RALEIGH, N.C.  Traditional music students from Morehead State's Kentucky Center for Traditional Music made it back to the world's bluegrass music stages for the first time two years.

The KCTM's seven Mountain Music Ambassadors arrived for their first day in Raleigh for one of the largest international bluegrass events of the year, and this year they had the opportunity to attend it in person through the International Bluegrass Music Association’s hybrid set up. 

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Attila Dezső unloads his viola at the Convention Center for IBMA in Raleigh, N.C. on Wednesday, September 29, 2021. Photo by Olyvia Neal | Trail Blazer

“The first year I got to be here, two years ago, was so exciting,” said Kendall Potter, a junior. “We were looking forward to the next year, so when 2020’s IBMA festival happened online only it was a little disappointing. But to get to be here this year makes up for it, and it’s super exciting to be back.”

IBMA has included several health protocols in this year’s conference amidst the pandemic. This includes masks indoors, social distancing and proof of full inoculation to attend in-person. A virtual live viewing is also available. 

“Last year I was really wanting to come down here and was about to buy a ticket, but when they closed it for COVID it was really upsetting,” said Tommy Cole, a sophomore. “But I’m really happy to see that this year they are having restrictions and being safe.”

Within their first day at the convention, the Mountain Music ambassadors were able to jam with renowned Bluegrass musicians, share information about their MSU program at their booth, attend workshops, as well as watch performances and the Momentum award ceremony.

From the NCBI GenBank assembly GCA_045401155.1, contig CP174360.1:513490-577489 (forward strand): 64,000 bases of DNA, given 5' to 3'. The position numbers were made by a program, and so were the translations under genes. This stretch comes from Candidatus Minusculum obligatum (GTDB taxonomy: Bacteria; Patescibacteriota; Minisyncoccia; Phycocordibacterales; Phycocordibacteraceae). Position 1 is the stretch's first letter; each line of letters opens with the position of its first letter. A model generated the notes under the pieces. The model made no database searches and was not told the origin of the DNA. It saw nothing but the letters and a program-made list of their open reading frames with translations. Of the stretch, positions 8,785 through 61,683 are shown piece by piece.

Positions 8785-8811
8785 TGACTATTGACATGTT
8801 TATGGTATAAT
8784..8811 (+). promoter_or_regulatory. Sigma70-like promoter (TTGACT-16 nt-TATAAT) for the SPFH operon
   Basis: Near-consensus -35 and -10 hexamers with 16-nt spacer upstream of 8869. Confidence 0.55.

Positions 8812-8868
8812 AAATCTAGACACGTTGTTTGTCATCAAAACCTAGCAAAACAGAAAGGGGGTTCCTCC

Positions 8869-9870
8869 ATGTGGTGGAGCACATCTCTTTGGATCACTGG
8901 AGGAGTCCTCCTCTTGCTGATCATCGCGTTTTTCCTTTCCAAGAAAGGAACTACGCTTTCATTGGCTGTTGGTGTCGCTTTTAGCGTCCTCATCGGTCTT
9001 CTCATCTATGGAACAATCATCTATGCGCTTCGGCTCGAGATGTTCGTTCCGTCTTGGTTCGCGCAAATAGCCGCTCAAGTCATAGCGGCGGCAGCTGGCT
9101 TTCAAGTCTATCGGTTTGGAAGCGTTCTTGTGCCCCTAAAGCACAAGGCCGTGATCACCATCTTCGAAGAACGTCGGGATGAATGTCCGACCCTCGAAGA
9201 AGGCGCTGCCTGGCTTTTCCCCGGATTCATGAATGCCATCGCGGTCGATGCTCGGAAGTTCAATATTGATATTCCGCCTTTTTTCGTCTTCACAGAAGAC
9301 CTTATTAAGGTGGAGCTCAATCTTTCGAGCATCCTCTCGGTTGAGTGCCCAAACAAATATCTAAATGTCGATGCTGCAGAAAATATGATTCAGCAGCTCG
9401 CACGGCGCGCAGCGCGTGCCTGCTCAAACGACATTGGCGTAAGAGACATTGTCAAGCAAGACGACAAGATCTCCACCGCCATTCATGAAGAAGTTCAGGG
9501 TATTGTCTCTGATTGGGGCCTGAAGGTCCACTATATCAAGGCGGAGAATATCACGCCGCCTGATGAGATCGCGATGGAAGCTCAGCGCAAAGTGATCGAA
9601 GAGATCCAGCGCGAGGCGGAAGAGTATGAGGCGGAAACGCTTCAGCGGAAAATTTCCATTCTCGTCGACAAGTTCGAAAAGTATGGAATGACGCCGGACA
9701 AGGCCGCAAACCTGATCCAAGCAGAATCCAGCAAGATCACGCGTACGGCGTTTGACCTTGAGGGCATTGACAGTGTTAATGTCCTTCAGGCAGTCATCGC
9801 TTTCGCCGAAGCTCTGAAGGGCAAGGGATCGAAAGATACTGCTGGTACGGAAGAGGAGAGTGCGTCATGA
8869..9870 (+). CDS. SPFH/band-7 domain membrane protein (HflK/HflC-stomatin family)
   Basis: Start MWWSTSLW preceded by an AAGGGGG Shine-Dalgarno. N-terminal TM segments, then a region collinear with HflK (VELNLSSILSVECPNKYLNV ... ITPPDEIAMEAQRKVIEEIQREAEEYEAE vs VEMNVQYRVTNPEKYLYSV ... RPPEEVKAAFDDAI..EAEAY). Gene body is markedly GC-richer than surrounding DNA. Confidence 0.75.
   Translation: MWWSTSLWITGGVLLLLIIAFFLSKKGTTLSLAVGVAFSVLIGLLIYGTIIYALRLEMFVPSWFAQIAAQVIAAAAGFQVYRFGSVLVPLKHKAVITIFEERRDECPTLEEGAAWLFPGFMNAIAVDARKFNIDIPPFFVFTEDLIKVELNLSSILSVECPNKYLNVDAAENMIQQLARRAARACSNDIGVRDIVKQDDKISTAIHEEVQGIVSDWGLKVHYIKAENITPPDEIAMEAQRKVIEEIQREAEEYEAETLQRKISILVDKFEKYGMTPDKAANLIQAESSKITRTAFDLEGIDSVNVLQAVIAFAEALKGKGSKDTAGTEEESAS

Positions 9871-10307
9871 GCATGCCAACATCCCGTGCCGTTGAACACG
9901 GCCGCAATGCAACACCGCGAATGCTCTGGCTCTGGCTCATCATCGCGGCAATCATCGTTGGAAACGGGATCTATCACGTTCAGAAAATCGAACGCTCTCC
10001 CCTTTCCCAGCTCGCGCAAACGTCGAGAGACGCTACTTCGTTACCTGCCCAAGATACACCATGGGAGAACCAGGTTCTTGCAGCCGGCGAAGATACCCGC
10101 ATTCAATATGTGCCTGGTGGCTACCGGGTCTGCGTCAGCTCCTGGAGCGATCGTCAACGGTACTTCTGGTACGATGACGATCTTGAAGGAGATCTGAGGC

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Anett Török makes videos of a performance at IBMA in Raleigh, N.C. on Wednesday, September 29, 2021. Photo by Olyvia Neal | Trail Blazer

Performances included a showcase by the Price Sisters, who graduated through the KCTM in 2017. 

“The first time we came to IBMA we were at KCTM, so that really allowed us to meet people and get a foundation of what to expect with the process and the industry,” said Leanna Price. “It was a really good building block.”

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The Price Sisters perform at IBMA in Raleigh, N.C. on Wednesday, September 29, 2021. Photo by Olyvia Neal | Trail Blazer

This year, the Mountain Music ambassadors included four international students from Hungary, who have the opportunity to learn more about Bluegrass music while also sharing their own folk music within this week’s program.

“It’s such a joy to be at the International Conference with international students especially and realize that we are all a part of an international community of supportive people who respect and love Bluegrass music,” said Ruth McLain, a KCTM faculty member.

The greatest inspiration for both students and faculty throughout the day came from the community of musicians around them after almost two years without live music. 

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Morehead State traditional music students jam at the Convention Center in Raleigh, N.C. on Wednesday, September 29, 2021. Photo by Olyvia Neal | Trail Blazer

“It’s so nice because we’ve already gotten to talk to our long-time friends and meet new friends and be with the students as they get to meet some of our buddies and some of their heroes,” said McLain. 

Through the remainder of the week the Mountain Music ambassadors will not only attend events within the program, but they will also be performing their own showcase Friday on the Youth Stage at 8:30 p.m.